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Nats reward Zimmermann

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Nats reward Zimmermann

If there are still any detractors out there for the Nationals' plan to shut down Stephen Strasburg in September, perhaps these words from Jordan Zimmermann following another stellar pitching performance Wednesday night will help change their minds.

"I definitely feel stronger another year after surgery," said Zimmermann, now nearly three full years removed from Tommy John surgery. "Last year was hit-or-miss. I didn't know how I was going to feel. But this whole year I've been feeling great. I haven't had any aches or pains. So, knock on wood, I hope that keeps going."

The Nationals certainly hope Zimmermann keeps this up, because what he's doing right now is out-pitching everyone else from their star-studded rotation, not to mention out-pitching just about every other hurler in the big leagues.

With six more scoreless innings -- helping pave the way for a 4-3 victory over the Mets -- Zimmermann continued both his streak of consistent quality work as well as his recent streak of sheer excellence on the mound.

That's now 17 quality starts for Zimmermann in 19 games overall, every single start lasting at least six innings. And over his last five outings, he's now 4-0 with an 0.84 ERA.

In short, the right-hander is getting stronger and better each time he toes the rubber, earning more and more praise from his teammates and manager.

"I mean, he's a man out there," Davey Johnson said. "No doubt about it. He has a great presence. He knows what he wants to do. There's no muss, no fuss. He says: 'Here, hit it.'"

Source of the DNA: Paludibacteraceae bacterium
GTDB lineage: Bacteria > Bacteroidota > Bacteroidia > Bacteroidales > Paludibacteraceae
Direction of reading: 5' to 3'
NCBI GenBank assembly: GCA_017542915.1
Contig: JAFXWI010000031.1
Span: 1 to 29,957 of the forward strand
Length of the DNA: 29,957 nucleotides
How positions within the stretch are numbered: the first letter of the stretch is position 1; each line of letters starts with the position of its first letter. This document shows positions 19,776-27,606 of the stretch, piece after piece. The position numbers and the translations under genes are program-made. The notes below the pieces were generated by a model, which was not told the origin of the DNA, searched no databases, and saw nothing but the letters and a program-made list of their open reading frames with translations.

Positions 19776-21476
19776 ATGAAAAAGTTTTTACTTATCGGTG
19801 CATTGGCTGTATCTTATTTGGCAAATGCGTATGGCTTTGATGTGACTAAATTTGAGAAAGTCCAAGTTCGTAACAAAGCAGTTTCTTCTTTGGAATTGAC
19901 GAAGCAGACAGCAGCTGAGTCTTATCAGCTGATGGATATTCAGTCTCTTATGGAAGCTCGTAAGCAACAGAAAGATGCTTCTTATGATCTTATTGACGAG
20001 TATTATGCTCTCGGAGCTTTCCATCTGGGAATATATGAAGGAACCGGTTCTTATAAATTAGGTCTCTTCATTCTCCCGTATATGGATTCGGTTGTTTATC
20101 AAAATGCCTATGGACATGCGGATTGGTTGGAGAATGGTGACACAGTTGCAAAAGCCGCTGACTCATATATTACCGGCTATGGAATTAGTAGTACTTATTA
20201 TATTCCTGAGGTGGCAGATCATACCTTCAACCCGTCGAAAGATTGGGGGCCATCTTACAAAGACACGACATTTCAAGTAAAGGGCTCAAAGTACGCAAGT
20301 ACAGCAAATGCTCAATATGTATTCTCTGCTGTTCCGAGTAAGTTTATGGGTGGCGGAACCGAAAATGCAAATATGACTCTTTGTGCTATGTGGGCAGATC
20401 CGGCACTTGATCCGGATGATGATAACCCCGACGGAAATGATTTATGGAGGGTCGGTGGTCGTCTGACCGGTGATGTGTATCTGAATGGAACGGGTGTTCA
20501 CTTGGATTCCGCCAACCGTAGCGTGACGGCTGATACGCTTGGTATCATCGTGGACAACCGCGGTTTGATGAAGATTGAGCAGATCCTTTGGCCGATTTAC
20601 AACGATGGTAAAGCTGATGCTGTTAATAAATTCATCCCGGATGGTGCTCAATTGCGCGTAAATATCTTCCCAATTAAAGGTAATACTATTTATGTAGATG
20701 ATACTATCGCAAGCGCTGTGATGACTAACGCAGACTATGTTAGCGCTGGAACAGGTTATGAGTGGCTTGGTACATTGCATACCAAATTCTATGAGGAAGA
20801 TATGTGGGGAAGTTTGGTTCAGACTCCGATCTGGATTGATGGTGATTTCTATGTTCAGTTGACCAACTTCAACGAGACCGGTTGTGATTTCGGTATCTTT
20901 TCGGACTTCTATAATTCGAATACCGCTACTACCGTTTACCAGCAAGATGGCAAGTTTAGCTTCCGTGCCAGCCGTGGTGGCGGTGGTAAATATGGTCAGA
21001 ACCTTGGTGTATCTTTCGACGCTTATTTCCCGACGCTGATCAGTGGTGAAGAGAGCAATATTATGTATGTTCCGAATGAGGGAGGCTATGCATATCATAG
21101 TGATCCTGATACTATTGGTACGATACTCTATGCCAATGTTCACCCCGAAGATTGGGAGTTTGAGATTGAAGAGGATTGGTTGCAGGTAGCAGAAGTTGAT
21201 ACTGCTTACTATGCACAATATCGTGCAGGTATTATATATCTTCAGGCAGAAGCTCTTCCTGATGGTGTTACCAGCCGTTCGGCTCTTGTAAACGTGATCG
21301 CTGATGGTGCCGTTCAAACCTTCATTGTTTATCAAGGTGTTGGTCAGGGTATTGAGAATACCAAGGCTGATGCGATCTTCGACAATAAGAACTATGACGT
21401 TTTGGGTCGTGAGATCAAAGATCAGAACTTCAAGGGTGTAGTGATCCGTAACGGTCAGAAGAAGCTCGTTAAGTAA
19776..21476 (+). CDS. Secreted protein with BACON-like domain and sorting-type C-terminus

What the Nationals are witnessing right now is the ascension of a top prospect into an elite major-league pitcher. Zimmermann now owns the sixth-best ERA in the majors at 2.35, not to mention the most quality starts.

The Nationals always knew Zimmermann had this in him; the timeline was just delayed by his 2009 elbow ligament replacement surgery.

Zimmermann wound up missing most of 2010 while rehabbing the injury. He returned strong last season but as he pointed out was "hit-or-miss" from start to start, then was shut down at the end of August with his innings count at 161 13.

These days, the 26-year-old is healthy, experienced and strong. And as his numbers start looking better and better, the rest of the sport is beginning to recognize the top of the Nationals' rotation doesn't include only All-Stars Strasburg and Gio Gonzalez.

"I can't say enough about him," first baseman Adam LaRoche said. "He's quiet and goes about his business, but he's turning into a No. 1 for anybody."

The only knock on Zimmermann this season has been something completely out of his control: A lack of run support, leading to a dearth of wins. That has finally begun to change over the last month, with the Nationals scoring an average of 6.4 runs during each of his last five starts.